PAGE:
8. Buy good storage containers to get rid of the clutter
- Anne mentioned corralling supplies and organizing piles. The best way to do this is with containers. File cabinets, plastic bins and rollable drawers can really get you organized and with this out of sight the distractions will help you focus and be more productive.

9. Implement Zen – music, fountain, plant or portable fan
- I am not going get all Feng Shui on you but I will say that there are merits in that concept if you do it right. If there is not a good way to do it, you should at least bring in the environment that helps you relax and becomes part of a meditative background that improves your productivity. You can accomplish this with your favorite music, a portal fountain, some plants and even a fan. Just find what works for you.

10. Get rid of the stink
Nothing is worse than an office that smells too much like, well, you. This is linked with the eating in your office thing. Trash and all kinds of stuff add the odor and when you have clients or colleagues over, they like you but they really don’t want to smell your presence – literally. Add some air fresheners and aromatherapy. Those types of scents can also help you stay alert contributing to your productivity.

I would love to hear if you have tried any of these things and they have worked or not worked. Let me know if you want more content on the productivity topic and I will make this a regular subject.

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Writing for B5 Media – Come on over to Startup Spark

Hello all, just wanted to let you know that I have been offered an opportunity to write for a great blog on the B5 Media Network.

The blog is called Startup Spark and is similar to Venture Files but is a broader version on all types of entrepreneurship.

I invite you to check it out and subscribe. This blog will continue but in the coming months I will be focusing this blog more on innovation topics and will be unveiling a new design.

So keep reading Venture Files and add Startup Spark to your feed reader and your daily viewing.

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Bookmarking with Furl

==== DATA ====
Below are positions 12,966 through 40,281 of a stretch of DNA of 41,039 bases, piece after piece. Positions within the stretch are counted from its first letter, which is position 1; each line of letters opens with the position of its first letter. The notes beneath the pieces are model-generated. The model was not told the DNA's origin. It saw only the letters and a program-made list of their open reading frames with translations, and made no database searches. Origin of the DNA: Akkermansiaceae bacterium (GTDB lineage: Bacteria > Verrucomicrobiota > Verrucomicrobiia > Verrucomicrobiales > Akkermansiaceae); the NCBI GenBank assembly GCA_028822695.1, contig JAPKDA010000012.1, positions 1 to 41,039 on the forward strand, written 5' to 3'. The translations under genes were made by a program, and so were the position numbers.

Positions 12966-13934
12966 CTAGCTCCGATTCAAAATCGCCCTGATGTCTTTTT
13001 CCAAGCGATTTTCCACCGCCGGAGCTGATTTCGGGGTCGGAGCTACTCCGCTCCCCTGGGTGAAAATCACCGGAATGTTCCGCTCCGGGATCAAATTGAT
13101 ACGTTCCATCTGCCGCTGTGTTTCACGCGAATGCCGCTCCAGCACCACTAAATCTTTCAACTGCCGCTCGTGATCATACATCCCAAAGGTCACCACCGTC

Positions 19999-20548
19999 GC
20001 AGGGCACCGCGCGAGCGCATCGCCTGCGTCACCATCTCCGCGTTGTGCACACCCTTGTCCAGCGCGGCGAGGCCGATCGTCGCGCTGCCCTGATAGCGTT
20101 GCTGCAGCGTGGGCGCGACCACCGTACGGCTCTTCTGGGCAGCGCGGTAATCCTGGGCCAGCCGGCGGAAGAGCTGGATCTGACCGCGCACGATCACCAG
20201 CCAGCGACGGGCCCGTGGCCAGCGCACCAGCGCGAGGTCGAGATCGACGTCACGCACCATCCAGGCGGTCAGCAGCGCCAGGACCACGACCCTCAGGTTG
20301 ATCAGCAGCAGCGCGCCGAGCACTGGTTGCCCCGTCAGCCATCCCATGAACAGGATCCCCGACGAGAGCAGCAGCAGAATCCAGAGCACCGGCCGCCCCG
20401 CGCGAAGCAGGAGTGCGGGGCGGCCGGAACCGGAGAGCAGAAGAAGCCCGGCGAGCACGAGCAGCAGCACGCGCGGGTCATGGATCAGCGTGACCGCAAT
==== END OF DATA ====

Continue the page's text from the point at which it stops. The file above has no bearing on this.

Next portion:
I just started using a new bookmarking tool called Furl that is a compliment to Del.icio.us.

It is located at www.furl.net

Many of you might be familiar with it and see the “F” icon in some blog badges.

It’s quite versatile and useful, although it’s not perfect. I see a lot of possibilities for this kind of tool. (How do YOU use Furl?)

Basically, Furl allows you to create an online archive of Web pages that you want to save for future reference. Yes, in most cases you’re actually saving the Web page to a new location – so if it gets relocated, revised, or removed later, you have a copy of the original version for future reference.

You can sort your furled items into topic-based folders. And (this is the cool part) share selected parts of your Furl archive with others via a syndicated list on your own Web site, hyperlink to Furl, webfeed (RSS), or daily e-mail alert.

Yes, you can also keep your archive private. Yes, you can provide group access to a Furl account. (That’s a bit of a hack, but it can be done.) Yes, you can comment on individual items. I’m not going to spend time here explaining the details of the service; if you’re interested read Furl’s FAQ.

Here’s a quick description of how I’m using Furl, and a list of 10 cool things you can do with Furl

(MORE: I’ve added these Furl articles: More Furl Tricks, One More Furl Trick: Pre-Blogging, About Furl, File Sharing, and Copyright, and Furl Tricks: Save Exactly and All of What You Want)